The movie ‘Don’t Look Up’ a scary satirization of our fractured responses to Climate Change, COVID & more


The star-studded movie feautures Leonardo DiCaprio, Tyler Perry, Ariana Grande and Jeneffer Lawrence. Image /PUBLIC DOMAIN

Don’t Look Up movie was released on Friday, 24 December. The star-studded movie features Leonardo DiCaprio, Tyler Perry, Ariana Grande, and Jennifer Lawrence and is distributed by Netflix.

The $75 million budget film is a comedy about Earth being hit by a meteor, and the futile attempts of scientists to get taken seriously in a world where everything is politicized, conspiracy theories flourish, and cynicism and ideocracy are the order of the day.

However, some netizens and news outlets have simplified the complex piece of legendary filmmaking into a climate change campaign. While it might be mired with good intentions, reviewing Don’t Look Up as a climate change movie robs the film of dozens of other relevant themes it presents. It is an allegorical satire showing scenarios of how the news media, politics, and business have approached science and social issues.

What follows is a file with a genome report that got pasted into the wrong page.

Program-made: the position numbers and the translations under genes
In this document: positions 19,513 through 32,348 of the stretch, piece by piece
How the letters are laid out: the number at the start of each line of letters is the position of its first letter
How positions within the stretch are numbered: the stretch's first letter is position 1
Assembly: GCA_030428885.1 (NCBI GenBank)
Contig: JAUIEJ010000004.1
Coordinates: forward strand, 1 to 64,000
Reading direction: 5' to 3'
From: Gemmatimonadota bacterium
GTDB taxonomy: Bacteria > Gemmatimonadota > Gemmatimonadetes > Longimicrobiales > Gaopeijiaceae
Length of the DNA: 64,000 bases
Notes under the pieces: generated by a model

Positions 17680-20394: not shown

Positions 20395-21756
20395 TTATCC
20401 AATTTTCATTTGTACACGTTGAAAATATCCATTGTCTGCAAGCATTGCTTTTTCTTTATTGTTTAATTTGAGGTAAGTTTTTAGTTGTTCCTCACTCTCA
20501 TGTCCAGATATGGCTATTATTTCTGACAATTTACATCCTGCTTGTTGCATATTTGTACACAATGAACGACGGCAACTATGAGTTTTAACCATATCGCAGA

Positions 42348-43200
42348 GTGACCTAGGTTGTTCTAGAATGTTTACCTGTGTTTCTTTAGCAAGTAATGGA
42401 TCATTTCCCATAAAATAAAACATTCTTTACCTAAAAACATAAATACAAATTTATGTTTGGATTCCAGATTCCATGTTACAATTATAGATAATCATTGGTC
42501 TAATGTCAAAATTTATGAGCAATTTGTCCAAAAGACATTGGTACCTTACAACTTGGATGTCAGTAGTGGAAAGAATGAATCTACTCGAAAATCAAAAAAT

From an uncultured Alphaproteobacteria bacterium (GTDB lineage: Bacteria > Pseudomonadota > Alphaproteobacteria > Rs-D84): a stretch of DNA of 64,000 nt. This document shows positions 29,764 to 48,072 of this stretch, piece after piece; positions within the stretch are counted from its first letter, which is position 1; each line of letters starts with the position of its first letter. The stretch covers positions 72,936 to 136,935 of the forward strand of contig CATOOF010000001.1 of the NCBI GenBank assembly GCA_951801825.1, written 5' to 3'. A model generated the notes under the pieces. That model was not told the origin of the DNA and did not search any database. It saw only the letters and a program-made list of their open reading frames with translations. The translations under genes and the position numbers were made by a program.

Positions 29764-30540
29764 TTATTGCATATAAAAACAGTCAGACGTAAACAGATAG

Don’t Look Up is more than just a climate change movie. The film captures the mood of the age. Set in a divided and ignorant world, where every player rushes to exploit situations- extinction-level events included, to serve personal interests and profit.

While the message of the movie serves the climate change agenda well, the movie is more than a climate action campaign. Themes like family, infidelity, mental health, religion, classism, capitalism, culture, STEM, women empowerment, commercial space travel, business, AI, international politics, philanthropy, tech, cryptocurrency, and investment. The stunning graphics displayed in the $75 million budget motion picture also gives the audience a peep of the actual technology that may never see in their lives but is actually being developed or already in existence.

Moreso, Don’t Look Up compiles the developments in the space race and human spaceflight activities. Rich visuals are educating a worldwide audience on space, astronomy, and anti-satellite missile technology. So please don’t rob the movie of its depth but celebrate it as an evolution in Hollywood storytelling.

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